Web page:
You are a fortress. The things your has done for you, the things it does on a daily basis and the things it will do for you in the future are all pretty incredible. The fortress, though, needs fuel. It needs fuel to function, at least if you want it to continue to do be a fortress.
In the land of adulting, one of the hardest adjustments for me to make was how to eat like a human. You see, most of us are eating the SAD (Standard American Diet) and either don’t realize the damage it does or just don’t know how to get away from it.
In fact, I’d submit to you that learning about real nutrition requires you to completely unlearn what you’ve thought or been taught. I remember when my mom told me that I just knew more stuff about food than she’d ever been told. She had regrets, but there simply wasn’t the information out there when she was a mom that we have available now.
That’s more true than we realize. Some examples of popular ideas in the past include the food pyramid (doesn’t even exist anymore, hello) and how bad fat is for you (nope, fat isn’t bad. Eating fried food all day everyday? That’s bad). Those ideas are just a few of the ideas that illustrate we essentially have to unlearn everything and use our own common sense and critical analysis on nutrition.
The first step to getting our minds right about nutrition is to see food as fuel. It is what powers our daily activities and all of our body’s functions. Many of us have an unhealthy relationship with food. We may see it as a reward and we overindulge. Sometimes we see it as a means for punishing ourselves by withholding it.
But you know what? Food is just fuel. It’s what your awesome, strong, capable body needs to do awesome things. When you feed it the right fuel, it gets stronger and more capable. When you feed it the wrong fuel it gets sluggish and less cooperative. It doesn’t function well. That’s because:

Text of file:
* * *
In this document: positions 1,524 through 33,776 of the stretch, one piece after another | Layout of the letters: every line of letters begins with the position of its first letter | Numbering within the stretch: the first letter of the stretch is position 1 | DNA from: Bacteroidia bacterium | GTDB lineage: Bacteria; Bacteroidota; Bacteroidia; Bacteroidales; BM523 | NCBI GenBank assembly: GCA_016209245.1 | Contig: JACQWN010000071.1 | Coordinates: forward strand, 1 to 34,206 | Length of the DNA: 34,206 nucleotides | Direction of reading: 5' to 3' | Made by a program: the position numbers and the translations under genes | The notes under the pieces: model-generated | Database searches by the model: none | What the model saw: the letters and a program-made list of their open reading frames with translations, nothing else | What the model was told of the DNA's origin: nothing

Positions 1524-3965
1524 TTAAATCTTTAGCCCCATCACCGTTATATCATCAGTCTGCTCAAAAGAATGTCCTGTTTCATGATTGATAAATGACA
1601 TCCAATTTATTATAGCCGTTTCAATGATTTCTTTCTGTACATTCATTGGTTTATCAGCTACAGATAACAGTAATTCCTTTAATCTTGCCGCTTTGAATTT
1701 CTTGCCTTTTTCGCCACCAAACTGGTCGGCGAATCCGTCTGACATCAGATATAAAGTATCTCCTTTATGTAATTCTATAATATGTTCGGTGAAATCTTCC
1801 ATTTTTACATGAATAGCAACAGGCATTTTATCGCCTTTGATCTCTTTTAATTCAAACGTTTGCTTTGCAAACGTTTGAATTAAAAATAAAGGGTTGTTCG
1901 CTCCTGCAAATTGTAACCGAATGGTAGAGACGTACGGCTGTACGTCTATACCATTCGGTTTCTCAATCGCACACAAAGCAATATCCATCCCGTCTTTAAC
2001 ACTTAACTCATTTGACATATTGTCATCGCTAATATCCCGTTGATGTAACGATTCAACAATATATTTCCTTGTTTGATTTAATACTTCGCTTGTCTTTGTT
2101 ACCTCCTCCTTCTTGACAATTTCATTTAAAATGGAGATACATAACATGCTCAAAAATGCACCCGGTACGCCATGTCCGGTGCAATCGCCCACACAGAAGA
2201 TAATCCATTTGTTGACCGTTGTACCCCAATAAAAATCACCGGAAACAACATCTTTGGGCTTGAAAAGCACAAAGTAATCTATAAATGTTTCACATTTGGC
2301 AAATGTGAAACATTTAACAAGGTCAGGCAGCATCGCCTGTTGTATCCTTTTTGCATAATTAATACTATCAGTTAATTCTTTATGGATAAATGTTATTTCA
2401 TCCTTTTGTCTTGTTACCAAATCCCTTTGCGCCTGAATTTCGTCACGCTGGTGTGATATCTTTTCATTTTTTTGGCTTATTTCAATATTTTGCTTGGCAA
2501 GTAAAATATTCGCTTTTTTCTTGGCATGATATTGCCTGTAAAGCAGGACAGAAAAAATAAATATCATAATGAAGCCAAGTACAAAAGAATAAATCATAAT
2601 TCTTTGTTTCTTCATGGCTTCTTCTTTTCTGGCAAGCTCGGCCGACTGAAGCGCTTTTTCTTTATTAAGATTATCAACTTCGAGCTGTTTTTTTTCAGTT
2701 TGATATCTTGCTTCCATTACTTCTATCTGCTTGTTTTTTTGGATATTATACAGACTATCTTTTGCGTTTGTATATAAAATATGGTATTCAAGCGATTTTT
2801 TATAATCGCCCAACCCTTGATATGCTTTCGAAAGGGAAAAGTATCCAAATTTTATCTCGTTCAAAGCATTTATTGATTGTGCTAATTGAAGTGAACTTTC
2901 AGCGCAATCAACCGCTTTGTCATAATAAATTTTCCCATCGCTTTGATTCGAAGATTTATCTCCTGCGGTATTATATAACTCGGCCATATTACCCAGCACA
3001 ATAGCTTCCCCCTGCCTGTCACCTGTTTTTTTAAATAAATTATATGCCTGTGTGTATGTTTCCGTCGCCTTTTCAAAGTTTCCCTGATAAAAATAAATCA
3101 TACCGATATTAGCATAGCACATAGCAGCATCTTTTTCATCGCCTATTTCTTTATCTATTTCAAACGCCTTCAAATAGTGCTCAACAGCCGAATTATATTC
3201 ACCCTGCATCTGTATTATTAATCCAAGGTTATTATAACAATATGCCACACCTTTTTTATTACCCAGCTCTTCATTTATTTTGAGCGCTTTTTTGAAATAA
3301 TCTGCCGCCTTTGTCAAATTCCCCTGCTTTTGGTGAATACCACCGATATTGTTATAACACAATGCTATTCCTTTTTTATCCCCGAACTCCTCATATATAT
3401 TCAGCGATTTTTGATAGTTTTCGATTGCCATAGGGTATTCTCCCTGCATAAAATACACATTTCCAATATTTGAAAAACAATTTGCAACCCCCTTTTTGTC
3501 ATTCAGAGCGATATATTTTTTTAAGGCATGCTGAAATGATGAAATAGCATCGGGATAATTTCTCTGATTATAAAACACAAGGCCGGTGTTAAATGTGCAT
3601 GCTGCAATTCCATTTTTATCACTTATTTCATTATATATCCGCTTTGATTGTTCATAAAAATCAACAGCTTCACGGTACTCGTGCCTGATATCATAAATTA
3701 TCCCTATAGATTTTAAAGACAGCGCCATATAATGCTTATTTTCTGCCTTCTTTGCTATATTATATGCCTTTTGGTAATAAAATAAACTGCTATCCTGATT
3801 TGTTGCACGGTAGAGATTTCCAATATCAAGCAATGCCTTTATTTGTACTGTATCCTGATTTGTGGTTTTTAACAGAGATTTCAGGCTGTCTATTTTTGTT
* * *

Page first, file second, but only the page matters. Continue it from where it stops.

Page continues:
Food is medicine.
Just like gas is made up of certain factors that make an engine run, (real) food is made up of compounds that our bodies need to run. You know, proteins, fats, carbs, vitamins and minerals. Fats, 50 grams per day. Vitamin C, 75 mg per day. Calcium, 1,136 mg per day (recommended daily intakes according to the USDA). You get it. Food is medicine. Let’s look at a couple of Merriam Webster’s definitions to really, effectively and annoyingly hone in on this idea:
m e d · i · c i n e: a substance or preparation used in treating disease
Okay, so if that’s true, then what is the definition of disease?
d i s· e a s e: a condition of the living animal or plant body or of one of its parts that impairs normal functioning and is typically manifested by distinguishing signs and symptoms
So, if disease simply means the body is not functioning normally and we know that 1) medicine is what is used to treat those impaired functions and 2) food is the source of things that make our bodies function properly, then we can conclude food is medicine.
Every time you eat, you can be putting medicine down your gullet. Likewise, every time you eat you can be putting stuff down your gullet that impairs functions. That makes it pretty clear, at least to me.
Clear, however, doesn’t mean easy. Right?
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